May 27, 2007

Immigrants and Immigration - Turkey - Germany

Last June, Seyran Ates, a lawyer, was waiting for a U-Bahn train in Berlin's Mockernbrucke subway station with a client for whom she had secured a divorce when the client's husband stormed onto the platform. He began beating up his ex-wife. Then he turned on Ates. Ates recalls seeing a number of men standing around, watching it all happen, as she danced from side to side with her attaché case, trying to fend off his heavy punches and kicks. It was not the first time she had been attacked in the line of duty.

A Turk of partly Kurdish descent, Ates arrived with her parents in the West Berlin neighborhood of Wedding in the late 1960s, when she was 6. Her parents were loving, but it was a traditional kind of love that involved much scolding, grounding and disciplinary slapping. School was Ates's only escape from the house, and she excelled at it. She knew she wanted to be a lawyer. Just before her 18th birthday, as her mother and aunt were beginning to make plans to marry her off, she ran away. This flight was not a simple abandonment of her family, to whom Ates remains close. Nor was it an abandonment of her ancestral culture. True, Ates has built her career in law around a German — and to many Turks, idiosyncratic and hostile — conception of women's rights. Yet she speaks to her young daughter in Turkish because, she says, "I want her to understand why I cry when I hear my favorite Turkish songs."

May 26, 2007

Train Kills Man Trying to Kill Woman

LOS ANGELES - A man trying to kill his girlfriend by stopping a car in front of an approaching train was himself killed Monday when the train hit the vehicle and launched it into him as he tried to flee, police said.

The girlfriend survived.

The man drove the car in front of a group of other vehicles stopped at a railroad crossing in the San Fernando Valley neighborhood of Sunland, Officer Mike Lopez said.

The driver, who was seen arguing with his girlfriend, parked the car on the tracks and jumped out, leaving her behind, Lopez said.

A northbound commuter train hit the rear of the car, hurling it into the man. The girlfriend was taken to the hospital, where she was in stable condition, Lopez said.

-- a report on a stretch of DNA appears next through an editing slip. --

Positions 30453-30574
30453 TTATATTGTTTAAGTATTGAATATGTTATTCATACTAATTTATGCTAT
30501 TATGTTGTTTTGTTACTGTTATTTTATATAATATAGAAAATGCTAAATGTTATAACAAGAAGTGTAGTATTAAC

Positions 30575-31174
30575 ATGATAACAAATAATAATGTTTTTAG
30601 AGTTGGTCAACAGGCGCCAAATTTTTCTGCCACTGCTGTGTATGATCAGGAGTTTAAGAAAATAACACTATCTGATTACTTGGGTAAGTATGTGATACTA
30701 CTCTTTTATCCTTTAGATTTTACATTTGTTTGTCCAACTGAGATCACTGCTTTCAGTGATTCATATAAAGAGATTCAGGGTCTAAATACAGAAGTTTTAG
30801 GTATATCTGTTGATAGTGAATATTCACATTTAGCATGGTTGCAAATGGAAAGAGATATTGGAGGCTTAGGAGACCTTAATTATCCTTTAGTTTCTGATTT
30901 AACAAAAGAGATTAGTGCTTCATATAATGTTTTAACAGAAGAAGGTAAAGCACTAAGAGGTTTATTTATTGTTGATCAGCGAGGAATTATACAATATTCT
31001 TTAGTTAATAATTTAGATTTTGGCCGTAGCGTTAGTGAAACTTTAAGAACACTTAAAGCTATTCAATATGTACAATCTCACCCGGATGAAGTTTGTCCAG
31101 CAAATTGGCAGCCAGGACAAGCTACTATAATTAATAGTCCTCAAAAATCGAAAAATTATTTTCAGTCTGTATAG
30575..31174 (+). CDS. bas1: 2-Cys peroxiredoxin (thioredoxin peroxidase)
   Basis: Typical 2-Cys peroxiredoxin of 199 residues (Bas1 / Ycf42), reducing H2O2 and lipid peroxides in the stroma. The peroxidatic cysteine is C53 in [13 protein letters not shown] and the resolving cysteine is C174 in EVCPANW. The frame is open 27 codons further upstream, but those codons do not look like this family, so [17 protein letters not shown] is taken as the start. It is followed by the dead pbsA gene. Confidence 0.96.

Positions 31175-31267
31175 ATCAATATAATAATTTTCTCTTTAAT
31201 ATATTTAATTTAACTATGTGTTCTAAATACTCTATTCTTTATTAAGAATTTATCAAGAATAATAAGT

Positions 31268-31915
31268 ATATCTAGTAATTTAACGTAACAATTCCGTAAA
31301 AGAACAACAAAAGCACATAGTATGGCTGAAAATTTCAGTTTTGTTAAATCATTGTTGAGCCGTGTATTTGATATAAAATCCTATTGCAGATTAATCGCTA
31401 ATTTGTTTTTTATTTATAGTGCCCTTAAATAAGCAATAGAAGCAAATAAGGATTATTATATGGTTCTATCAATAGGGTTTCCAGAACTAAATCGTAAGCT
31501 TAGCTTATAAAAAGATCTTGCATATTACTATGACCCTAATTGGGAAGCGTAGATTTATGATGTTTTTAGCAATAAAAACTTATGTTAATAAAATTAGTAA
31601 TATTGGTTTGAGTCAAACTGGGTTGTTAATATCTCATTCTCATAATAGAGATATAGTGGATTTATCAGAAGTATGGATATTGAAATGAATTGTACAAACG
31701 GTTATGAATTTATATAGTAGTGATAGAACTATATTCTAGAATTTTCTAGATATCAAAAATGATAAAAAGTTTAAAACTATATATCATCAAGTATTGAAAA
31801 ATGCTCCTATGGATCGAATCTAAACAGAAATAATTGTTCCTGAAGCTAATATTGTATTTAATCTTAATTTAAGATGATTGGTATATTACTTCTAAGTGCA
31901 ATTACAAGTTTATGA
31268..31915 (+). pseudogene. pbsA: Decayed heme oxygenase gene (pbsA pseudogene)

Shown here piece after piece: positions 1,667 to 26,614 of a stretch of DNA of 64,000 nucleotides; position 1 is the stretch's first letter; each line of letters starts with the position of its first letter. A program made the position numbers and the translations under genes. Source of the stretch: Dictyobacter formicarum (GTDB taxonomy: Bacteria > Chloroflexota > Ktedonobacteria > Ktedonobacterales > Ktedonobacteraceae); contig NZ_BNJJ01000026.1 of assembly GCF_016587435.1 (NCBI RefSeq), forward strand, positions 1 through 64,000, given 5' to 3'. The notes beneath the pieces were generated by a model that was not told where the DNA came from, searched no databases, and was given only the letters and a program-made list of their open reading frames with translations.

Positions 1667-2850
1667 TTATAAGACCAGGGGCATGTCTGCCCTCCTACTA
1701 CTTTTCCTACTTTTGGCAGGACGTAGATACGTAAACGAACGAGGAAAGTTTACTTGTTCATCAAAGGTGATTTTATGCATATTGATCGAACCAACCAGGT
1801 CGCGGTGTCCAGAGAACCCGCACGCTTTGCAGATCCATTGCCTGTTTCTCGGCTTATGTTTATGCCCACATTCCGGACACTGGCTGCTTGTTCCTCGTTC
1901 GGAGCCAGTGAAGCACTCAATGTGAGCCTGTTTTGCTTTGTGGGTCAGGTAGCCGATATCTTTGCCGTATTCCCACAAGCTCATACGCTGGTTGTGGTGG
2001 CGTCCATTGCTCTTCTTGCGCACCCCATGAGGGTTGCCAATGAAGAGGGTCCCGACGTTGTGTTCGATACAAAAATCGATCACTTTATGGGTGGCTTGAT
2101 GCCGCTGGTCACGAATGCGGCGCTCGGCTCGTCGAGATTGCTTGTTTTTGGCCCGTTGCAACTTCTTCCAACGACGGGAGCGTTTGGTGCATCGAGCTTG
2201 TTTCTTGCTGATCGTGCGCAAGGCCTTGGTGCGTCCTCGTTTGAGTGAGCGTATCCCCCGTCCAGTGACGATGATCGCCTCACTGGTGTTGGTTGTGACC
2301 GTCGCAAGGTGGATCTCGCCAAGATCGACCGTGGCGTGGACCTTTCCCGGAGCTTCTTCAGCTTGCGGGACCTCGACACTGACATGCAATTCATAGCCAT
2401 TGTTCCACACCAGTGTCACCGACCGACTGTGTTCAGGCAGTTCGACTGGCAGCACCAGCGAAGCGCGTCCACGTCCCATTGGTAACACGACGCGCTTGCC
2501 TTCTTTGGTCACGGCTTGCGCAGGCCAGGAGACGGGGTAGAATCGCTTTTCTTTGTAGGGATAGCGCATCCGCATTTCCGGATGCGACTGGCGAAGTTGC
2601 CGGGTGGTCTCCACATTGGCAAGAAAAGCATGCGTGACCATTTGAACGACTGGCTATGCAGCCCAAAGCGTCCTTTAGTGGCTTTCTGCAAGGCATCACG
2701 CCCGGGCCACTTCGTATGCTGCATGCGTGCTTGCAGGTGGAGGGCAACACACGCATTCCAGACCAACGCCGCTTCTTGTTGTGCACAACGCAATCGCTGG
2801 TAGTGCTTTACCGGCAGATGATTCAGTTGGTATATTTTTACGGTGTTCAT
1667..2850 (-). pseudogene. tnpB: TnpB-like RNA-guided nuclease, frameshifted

"She gets hit by a train and lives. He gets hit by his own car and he dies," Lopez said.

The train was heading from downtown to Lancaster in northern Los Angeles County at the time of the 12:08 p.m. crash, said Denise Tyrrell, a spokeswoman for Metrolink.

There were no injuries on the train, which carried 132 passengers and crew members, Tyrrell said. The train had superficial damage.

The train's speed wasn't immediately known. The limit in the area is 79 mph, Tyrrell said. At that speed, it would take one-third of a mile to stop, she said.

It is highly unusual for someone to survive being struck by a train, Tyrrell said.

"The train to your car is like your car to a soda pop can. It's just not going to be a fair fight," Tyrrell said.

Cheap, Cheerful and Chinese

The global factory is gearing up for a change of shift. The streets of Dongguan are still relatively deserted -- filled only by the rising heat and swirling dust. Trucks rattle along the multilane thoroughfares, thousands every hour. They keep the supplies coming for the plants that line the streets, mile after mile, like gigantic military compounds.

Then, suddenly, Dongguan explodes into life. It's the same bustling picture every day, morning and night: Workers, most of them women, stream in from every direction, with uniforms in every color of the rainbow. Laminated company IDs dangle from their necks -- IBM, Siemens, Nokia, Duracell, Sanyo -- to name but a few of the major international brands that have set up shop here.